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Right extension cord

post #1 of 4
Thread Starter 

Hi all.  My best friend just gave me his old Cabela's Premium Electric Smoker.  I bought a 24 inch 12 AWG extension cord for it,  Am I ok with that cord?

post #2 of 4
How much current does the smoker draw?

12 gauge should handle anything that you can run off of a normal household outlet since the receptacle itself will only be rated for 15 or 20 Amps.

And with such a short cord, the voltage drop through the cord will be negligible.

You only needed a couple of extra feet to reach the receptacle?



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post #3 of 4

I have using a 1200W MES40 with 10' of 12 AWG Extension Cord in a 15A Circuit for years no issue...JJ

post #4 of 4

Oh golly, yes. 12 GA will be just fine, even if it is a really long extension. Why do I say that? Because the Romex serving your outlet is almost certainly 12 GA, and possibly the smaller 14 GA. What's more the length of Romex back to your breaker box is probably much longer in length than your extension cord.

 

For most situations, people get in trouble when using extension cords designed for lamps. And even then, you will probably only have a problem with large inductive loads, like fractional horsepower motors. You find these motors on air compressors, big saws, etc. When they start, they are, for a brief moment, essentially a short circuit, and require a huge amount of current. If they don't get that current, they will stall. I have a very old, piston-type air compressor, and it will not start if I use a long extension cord.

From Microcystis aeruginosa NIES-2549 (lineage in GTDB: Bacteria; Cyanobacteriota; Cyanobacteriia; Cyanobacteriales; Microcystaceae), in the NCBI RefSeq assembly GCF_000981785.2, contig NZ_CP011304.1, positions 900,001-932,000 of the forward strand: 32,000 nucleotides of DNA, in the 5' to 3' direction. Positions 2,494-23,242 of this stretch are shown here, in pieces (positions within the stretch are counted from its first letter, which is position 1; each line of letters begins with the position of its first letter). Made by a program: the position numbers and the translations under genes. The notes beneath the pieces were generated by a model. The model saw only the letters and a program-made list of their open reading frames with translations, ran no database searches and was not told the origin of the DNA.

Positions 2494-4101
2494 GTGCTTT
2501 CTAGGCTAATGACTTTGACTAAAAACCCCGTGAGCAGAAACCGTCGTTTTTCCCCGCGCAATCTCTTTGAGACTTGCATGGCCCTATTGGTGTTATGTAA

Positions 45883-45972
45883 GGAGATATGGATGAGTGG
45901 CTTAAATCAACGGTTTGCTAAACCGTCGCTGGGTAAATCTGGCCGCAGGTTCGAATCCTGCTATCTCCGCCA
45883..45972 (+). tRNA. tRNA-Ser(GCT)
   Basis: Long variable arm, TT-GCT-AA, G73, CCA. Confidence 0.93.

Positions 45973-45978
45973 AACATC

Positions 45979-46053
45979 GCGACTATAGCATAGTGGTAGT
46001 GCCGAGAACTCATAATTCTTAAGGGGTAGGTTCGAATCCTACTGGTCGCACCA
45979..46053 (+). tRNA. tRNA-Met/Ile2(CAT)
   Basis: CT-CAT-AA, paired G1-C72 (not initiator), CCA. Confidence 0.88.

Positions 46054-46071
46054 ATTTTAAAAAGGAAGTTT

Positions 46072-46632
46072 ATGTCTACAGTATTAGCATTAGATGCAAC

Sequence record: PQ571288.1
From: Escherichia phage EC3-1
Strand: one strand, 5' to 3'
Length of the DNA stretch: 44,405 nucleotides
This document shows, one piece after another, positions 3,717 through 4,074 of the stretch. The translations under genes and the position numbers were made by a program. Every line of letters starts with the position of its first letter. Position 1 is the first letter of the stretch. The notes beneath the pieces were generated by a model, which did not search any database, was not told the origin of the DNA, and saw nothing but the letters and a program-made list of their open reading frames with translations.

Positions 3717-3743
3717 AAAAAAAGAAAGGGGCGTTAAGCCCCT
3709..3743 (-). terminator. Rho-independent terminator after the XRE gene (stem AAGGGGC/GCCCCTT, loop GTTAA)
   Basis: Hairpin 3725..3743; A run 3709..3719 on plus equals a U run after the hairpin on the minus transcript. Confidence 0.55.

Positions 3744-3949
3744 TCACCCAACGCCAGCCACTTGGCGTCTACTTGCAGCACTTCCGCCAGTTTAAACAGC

Heating elements, like those in an electric smoker, could care less about your extension cord.

 

You can use the calculator on this site:

 

Voltage Drop Calculator

 

to calculate what voltage drop you will get.

 

As an example, using this calculator, if you have a 1,200 watt heating element, it will draw 10 amps. From the calculator, if you use a 20-foot 12 GA extension cord, the drop will be a little over 0.5 volt. That is absolutely nothing. I have a UPS on this computer that has a front-panel display of line voltage coming into the computer, and it goes up and down by 1-2 volts all the time. Thus, the variations in the voltage from the power company far exceed the voltage drop you are going to introduce with an extension cord.

 

The other issue is heat, because under extreme circumstances, using a really small gauge extension cord, the cord might get really hot and cause a fire. However, even with a 16- or 18-gauge extension cord, this is not likely to be an issue. The real fire hazards come from damaged cords where only a few strands of copper remain, usually at the point where the plug meets the cord (they get damaged when you pull the plug out from the cord, rather than grasping the plug itself).

 

So, bottom line, no problem at all.

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